The Attendee Journey: Think Beyond Your Corporate Event



The Attendee Journey: Think Beyond Your Corporate Event

Corporate meetings and events all share common objectives – connection, networking, learning, celebration, etc. But oftentimes brands box themselves into focusing much of their efforts on the onsite event itself. And while this requires a tremendous amount of planning and financial investment, it’s critical event organizers think beyond the event to maximize those investments and think strategically about the overall experience of attendees long before the meeting, and long after.  

This design thinking helps lay the framework for what we call the attendee journey. 


Article Info

Audience EngagementEvent ExperiencesEvent Production Tips

But First, Let’s Talk Attendee Journey Strategy 

Before putting pen to paper on any tactical element of experience design, and for any event to be a success, you must first set clear, realistic goals. These goals should all ladder up to a purpose – a mission statement for your event. These function as the WHY for your event, and the north star that should inform all strategic decisions. Be specific when determining what success looks like, and set KPIs to measure your return on investment. This can be as simple as positive survey scores, or include specific financial outcomes with your sponsorship strategy.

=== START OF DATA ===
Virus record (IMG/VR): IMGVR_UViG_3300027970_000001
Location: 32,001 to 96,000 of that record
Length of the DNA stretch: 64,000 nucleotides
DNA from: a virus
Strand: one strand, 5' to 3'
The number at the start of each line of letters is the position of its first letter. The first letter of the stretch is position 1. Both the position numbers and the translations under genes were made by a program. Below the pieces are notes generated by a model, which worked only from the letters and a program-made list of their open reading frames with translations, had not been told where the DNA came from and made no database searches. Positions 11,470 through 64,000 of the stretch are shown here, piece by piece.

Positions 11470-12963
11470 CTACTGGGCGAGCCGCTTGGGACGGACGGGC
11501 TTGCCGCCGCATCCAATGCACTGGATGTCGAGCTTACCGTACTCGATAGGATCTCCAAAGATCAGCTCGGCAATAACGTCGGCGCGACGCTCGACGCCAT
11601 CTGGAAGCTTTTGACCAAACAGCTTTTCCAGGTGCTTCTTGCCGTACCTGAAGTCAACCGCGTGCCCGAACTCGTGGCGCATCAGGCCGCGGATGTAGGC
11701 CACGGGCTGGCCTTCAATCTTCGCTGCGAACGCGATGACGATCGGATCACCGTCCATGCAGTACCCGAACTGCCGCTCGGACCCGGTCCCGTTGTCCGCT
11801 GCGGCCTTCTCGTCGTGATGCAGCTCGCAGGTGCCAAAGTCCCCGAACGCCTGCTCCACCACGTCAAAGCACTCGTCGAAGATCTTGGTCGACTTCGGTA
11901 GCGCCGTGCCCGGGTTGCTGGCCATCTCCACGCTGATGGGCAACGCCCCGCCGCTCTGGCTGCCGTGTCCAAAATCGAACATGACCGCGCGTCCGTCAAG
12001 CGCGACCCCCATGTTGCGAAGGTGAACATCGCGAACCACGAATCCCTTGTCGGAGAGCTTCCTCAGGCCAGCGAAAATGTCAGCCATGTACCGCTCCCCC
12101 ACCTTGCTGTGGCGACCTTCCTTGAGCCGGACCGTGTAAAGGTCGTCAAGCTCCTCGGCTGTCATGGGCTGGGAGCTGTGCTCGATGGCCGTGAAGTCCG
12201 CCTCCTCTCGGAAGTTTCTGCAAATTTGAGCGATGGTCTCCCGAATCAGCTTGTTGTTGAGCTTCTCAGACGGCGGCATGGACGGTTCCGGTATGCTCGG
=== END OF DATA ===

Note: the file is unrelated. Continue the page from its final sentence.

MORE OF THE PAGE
Having a unified purpose helps set expectations, guide your design thinking, and aligns everyone involved. Some key questions to ask as you begin:

  • What would you like this event to accomplish? (higher customer service ratings, increased sales, improved communication, etc.)
  • What are key takeaways your attendees should return home with?
  • What changes in behavior should result from your experience? 
  • What do you want your people to think, feel, do? 
  • What’s most important?

Because of this, identifying your purpose must come before budgets, venues, speakers, and everything else. Having distinguished goals in place allows you to craft an attendee experience that targets your specific outcomes. 

Anatomy of an Attendee Journey